Center pieces for the poppets with lag bolts inserted.

I cut two 6" sections from a 1x3. I ripped these pieces at a slight diagonal along one edge and sanded them. They will act as the pegs to hold the poppets in place.


Pegs to be used to hold poppets fixed on the rails.

I measured the width of each peg at their midpoint, and used that distance (2.25" in my case) to establish the bottom of the mortise which accepts the pegs. Given the poppet is 9" above the rail, and the rail is 5.5", and the mid-point peg height is 2.25", the bottom of the mortise is then 9" + 5.5" + 2.25" = 16.75" from the top of the poppet. The top of the mortise has to be above the bottom of the rail (at 9" + 5.5" = 14.5"), so I put it at 14" from the top of the poppet. I mortised out a 1" slot in each poppet between 14" and 16.75".


A peg loosely fitted into a poppet mortise.

Nearly done. I took 2 of the 9" shoulder pieces and screwed them to each side of the poppet center. I then had a T-shaped piece which drops between the rails. One slides the poppets along the rails, and then lock them in place by hammering the pegs into each mortise.


Poppets with shoulder pieces attached and fitted to the rails with the pegs.

I attached the six foot 1x3 uprights on each side of rail assembly. They extend above the rails by ~ 4 feet. The bungee is stretched across the end of the uprights and act the the spring for the lathe. The cord is tied to the middle of the bungee, and then attached to a ~4' section of 1x3 (or 2x4) which acts as the foot treadle. I filed the lag screws down to remove the screw threads leaving them as simple points.


The final lathe (with support bracing, uprights, bungee, cord and foot treadle attached).

To use the lathe, the cord is wrapped around the piece to be worked. The piece is positioned between the poppets, and then the pegs are pounded into the poppet mortises.

Now you are ready. You step on the treadle board. It pulls on the cord, spinning the work, and pulling the bungee down. As you let up on the treadle, the bungee retracts, spinning the work the opposite direction. You only cut on the down stroke.

video

I still need to fine-tune the treadle. I also need to add a rest to the lathe (a rest is a rail which supports your tool when turning). I need to get some gouges and chisels to actually do anything. I'll start looking . . .

Wednesday, November 11, 2009

It's a Well!

And the answer is . . .

35 feet!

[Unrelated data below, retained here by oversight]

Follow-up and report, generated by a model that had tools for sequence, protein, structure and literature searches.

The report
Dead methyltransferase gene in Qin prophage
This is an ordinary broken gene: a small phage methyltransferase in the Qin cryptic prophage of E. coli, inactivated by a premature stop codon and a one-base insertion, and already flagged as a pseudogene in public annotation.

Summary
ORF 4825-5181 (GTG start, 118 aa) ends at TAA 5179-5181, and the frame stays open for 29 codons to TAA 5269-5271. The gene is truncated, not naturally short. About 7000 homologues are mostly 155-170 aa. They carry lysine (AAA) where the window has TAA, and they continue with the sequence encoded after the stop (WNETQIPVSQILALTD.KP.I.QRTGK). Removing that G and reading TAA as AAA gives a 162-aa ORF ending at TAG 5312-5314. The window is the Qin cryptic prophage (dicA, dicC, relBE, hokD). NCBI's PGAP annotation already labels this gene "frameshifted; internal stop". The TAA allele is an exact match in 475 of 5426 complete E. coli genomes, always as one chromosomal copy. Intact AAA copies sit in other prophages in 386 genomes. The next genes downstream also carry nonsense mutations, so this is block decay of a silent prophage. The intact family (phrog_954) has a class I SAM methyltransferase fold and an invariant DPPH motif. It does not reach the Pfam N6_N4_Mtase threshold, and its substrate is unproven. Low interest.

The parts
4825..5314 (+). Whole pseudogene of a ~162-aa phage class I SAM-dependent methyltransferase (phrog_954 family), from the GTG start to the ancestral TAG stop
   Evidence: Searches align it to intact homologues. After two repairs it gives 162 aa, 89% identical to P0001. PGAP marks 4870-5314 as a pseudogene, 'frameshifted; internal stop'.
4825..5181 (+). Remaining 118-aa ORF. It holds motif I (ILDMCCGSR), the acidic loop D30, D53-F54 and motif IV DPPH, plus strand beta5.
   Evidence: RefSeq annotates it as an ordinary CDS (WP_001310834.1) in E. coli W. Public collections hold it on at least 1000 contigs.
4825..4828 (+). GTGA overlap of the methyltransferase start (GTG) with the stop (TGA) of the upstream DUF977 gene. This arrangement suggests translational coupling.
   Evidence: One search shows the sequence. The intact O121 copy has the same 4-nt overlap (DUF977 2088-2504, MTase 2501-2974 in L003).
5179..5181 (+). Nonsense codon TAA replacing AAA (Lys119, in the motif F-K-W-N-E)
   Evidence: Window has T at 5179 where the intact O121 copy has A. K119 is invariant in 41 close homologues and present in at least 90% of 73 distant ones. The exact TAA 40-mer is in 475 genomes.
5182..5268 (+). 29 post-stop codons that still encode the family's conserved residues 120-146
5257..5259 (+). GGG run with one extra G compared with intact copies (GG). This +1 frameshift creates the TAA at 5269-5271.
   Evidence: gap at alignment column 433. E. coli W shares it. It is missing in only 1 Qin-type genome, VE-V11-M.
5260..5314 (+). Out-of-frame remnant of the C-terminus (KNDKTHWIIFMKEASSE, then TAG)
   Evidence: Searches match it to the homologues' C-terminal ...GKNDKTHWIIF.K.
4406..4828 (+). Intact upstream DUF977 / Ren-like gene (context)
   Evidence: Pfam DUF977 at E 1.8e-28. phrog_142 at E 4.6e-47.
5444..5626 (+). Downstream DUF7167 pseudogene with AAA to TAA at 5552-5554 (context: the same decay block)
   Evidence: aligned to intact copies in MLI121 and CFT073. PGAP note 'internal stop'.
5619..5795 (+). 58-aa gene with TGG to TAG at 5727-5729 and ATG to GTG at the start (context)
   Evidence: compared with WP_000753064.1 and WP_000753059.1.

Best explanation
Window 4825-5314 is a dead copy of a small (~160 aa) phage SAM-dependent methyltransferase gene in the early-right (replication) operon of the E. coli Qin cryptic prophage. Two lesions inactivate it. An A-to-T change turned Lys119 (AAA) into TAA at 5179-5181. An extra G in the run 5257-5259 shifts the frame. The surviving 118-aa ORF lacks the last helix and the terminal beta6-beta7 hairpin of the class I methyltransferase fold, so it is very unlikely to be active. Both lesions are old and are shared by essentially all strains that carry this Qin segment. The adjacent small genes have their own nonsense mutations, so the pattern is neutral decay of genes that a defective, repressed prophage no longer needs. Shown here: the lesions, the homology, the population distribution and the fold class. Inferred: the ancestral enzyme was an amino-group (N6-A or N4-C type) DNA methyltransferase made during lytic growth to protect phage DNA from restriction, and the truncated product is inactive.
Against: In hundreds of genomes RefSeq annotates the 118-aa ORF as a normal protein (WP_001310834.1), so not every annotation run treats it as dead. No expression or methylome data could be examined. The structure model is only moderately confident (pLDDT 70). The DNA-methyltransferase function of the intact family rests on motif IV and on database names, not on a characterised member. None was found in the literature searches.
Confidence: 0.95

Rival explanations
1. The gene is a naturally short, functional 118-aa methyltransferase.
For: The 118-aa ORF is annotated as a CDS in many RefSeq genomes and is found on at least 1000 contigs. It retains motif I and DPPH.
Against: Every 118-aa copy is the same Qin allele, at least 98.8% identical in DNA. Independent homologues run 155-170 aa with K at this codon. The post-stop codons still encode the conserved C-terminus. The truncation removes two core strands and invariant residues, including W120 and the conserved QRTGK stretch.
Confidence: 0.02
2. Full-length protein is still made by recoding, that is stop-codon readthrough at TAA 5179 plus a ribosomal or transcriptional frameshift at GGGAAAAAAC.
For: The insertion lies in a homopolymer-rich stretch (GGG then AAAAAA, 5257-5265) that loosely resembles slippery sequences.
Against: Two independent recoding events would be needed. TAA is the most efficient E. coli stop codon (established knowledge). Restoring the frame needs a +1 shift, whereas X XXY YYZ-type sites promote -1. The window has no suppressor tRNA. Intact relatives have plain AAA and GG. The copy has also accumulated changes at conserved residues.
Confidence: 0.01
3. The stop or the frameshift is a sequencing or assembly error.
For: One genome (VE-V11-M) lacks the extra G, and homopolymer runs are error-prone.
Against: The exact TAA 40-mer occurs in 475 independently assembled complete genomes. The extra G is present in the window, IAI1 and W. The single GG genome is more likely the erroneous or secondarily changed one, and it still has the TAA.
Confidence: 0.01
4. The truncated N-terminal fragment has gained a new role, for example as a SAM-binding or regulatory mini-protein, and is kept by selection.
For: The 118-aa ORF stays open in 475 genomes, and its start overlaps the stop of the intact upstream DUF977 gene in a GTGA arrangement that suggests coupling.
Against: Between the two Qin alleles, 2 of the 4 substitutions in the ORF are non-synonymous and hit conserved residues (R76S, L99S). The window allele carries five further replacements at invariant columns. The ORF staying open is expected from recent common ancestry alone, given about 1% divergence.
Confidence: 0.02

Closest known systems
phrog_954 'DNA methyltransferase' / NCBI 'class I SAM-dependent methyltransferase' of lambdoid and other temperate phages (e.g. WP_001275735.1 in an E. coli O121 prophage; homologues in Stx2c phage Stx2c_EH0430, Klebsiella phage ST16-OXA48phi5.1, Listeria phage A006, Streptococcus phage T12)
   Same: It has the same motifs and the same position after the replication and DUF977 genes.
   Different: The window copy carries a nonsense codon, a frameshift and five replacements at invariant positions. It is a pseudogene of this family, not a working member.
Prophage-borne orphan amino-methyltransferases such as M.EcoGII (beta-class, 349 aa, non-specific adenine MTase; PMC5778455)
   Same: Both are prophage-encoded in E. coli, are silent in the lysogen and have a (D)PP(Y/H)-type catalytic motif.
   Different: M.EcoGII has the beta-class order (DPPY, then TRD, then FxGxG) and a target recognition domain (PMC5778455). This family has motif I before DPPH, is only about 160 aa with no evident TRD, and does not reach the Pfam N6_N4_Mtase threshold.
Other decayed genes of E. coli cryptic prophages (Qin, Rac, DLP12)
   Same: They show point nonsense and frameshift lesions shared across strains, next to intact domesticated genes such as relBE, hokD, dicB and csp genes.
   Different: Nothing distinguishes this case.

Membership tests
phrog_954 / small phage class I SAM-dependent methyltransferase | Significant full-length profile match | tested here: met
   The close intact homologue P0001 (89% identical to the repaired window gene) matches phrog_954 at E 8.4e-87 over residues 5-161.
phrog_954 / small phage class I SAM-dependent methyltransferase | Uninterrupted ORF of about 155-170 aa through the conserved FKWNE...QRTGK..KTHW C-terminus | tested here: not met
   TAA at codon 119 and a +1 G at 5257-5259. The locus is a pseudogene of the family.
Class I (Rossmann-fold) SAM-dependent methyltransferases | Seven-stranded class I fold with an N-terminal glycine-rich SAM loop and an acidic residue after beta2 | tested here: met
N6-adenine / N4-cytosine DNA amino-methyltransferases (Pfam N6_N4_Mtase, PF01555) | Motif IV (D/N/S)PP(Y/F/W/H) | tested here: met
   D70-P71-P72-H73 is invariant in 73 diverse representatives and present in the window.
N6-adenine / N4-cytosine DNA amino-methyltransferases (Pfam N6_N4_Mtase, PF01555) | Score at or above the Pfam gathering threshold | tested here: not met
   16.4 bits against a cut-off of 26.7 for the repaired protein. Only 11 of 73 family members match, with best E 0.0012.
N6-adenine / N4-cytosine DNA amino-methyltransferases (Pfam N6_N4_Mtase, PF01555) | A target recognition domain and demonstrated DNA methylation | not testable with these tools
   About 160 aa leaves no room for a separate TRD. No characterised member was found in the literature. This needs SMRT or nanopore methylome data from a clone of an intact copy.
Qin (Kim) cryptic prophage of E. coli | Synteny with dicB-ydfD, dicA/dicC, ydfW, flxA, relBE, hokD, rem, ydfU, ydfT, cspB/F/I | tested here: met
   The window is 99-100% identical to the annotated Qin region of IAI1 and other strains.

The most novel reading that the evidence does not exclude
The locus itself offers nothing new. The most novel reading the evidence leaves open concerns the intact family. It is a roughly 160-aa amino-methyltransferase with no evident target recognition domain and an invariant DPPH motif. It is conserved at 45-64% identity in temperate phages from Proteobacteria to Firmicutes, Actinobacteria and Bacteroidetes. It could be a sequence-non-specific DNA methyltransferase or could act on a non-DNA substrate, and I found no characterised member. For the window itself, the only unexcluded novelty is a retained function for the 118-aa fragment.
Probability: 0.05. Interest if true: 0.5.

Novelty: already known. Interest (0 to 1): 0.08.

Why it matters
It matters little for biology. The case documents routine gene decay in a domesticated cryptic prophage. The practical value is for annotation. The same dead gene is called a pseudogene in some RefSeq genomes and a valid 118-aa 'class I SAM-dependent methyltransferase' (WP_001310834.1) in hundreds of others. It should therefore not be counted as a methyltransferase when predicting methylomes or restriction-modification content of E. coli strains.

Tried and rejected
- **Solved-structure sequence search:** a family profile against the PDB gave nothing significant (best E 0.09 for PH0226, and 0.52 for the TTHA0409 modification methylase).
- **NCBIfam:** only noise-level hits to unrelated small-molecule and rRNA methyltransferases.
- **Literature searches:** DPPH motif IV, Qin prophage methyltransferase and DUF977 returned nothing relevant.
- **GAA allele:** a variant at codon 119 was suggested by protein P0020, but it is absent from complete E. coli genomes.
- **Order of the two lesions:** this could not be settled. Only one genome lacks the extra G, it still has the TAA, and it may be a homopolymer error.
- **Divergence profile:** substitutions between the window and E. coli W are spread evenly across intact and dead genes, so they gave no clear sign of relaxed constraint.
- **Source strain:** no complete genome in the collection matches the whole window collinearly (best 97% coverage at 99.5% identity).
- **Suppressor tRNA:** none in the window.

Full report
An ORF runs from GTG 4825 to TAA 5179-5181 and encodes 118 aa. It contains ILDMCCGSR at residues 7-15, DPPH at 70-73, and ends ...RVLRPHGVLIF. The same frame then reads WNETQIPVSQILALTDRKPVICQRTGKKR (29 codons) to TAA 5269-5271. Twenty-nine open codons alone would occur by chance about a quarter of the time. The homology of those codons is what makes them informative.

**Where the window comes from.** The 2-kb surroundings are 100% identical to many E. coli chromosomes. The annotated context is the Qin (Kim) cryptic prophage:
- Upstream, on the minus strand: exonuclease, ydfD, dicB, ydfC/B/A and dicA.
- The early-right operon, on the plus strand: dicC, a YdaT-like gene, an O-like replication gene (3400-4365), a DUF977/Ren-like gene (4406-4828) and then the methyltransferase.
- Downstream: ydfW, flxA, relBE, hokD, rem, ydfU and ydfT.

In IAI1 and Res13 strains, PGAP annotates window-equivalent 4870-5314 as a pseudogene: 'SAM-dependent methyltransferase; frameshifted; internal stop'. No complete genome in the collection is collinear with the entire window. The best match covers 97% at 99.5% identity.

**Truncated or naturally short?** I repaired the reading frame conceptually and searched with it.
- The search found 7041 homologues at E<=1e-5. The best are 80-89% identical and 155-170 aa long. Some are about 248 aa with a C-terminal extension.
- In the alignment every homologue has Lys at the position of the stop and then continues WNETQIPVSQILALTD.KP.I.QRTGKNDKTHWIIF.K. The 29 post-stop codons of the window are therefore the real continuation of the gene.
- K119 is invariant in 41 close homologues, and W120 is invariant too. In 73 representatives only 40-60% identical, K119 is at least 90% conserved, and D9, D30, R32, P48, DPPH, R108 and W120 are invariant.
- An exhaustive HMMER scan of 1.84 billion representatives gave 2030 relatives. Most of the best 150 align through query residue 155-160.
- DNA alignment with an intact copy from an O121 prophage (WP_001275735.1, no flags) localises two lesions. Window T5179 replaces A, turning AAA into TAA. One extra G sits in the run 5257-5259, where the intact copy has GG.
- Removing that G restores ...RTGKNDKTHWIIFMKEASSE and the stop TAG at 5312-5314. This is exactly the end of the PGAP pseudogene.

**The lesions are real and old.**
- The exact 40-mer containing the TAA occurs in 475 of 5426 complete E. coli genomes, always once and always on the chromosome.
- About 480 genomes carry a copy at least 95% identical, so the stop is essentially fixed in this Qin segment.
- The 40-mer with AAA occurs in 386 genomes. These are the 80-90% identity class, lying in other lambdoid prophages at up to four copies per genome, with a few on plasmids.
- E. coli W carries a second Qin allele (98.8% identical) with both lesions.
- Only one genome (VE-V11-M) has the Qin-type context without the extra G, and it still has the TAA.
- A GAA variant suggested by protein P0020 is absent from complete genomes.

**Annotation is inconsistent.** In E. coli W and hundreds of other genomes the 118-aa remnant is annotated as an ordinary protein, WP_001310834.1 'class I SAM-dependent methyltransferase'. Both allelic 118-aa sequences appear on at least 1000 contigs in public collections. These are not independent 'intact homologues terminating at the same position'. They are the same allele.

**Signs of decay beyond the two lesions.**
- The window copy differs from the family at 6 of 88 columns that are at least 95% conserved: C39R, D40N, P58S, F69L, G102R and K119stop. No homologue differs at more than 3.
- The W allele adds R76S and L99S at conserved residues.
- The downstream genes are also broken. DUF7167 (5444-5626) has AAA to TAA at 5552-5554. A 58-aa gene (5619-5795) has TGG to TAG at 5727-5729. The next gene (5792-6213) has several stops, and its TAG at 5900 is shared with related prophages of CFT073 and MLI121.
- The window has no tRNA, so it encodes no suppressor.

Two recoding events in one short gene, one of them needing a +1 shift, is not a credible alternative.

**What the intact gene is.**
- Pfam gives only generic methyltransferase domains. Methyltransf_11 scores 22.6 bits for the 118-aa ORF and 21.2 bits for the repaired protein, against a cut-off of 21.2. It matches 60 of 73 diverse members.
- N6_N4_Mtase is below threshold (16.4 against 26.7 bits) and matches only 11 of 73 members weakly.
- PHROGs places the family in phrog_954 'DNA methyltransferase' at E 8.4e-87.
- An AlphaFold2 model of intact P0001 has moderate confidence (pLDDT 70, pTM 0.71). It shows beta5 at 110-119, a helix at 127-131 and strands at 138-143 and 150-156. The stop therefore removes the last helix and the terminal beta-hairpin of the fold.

The well is dug and it is running clean. Geologically, the area here is glacial moraine. The drillers found gravel all the way down. There are hills right across the street and on the other side of the creek, so they were worried that they may hit rock ledges. Luckily, the pounding went easy.

The well drillers were able to pump 10 gpm for 2 hours with no problem. The drillers have capped the well for now. They will be back in the next few weeks to trench the line to the house and run the plumbing and power.

Tuesday, November 10, 2009

Well, Well, Well . . .

It started today. The well driller setup up the rig yesterday and started to drill the well. Actually, they are pounding the well (aka as a driven well). Pounding tends to be somewhat easier and better (you don't have the drill tailings and the pounding operation packs the walls tight). We have a lot of gravel here, so I hope the well drillers can move fast. We were both away from the house today, and when we came back the rig was still there. Not sure how they are doing. I'll get a few pictures and post them. I hope they are making good progress!

Saturday, November 7, 2009

A Bodger's Bench

The original 8 foot 2x10 used as the base for the bench.

I've wanted to make a shaving bench for a few years. A shaving bench is a type of vise where you can sit and use your feet to hold the wood you are working while keeping your hands free. Typically, it is used with a draw knife to carve spokes, furniture spindles, etc. When working such items, you are constantly flipping the work over, so a regular vise is very cumbersome. Shaving benches are also known as bodger's benches. A bodger is an English term for a traveling woodworker. They would travel around and carve furniture on demand. Portable versions of such benches would be used as the bodgers would travel. Look at the blogs I follow to see various 'bodger blogs'.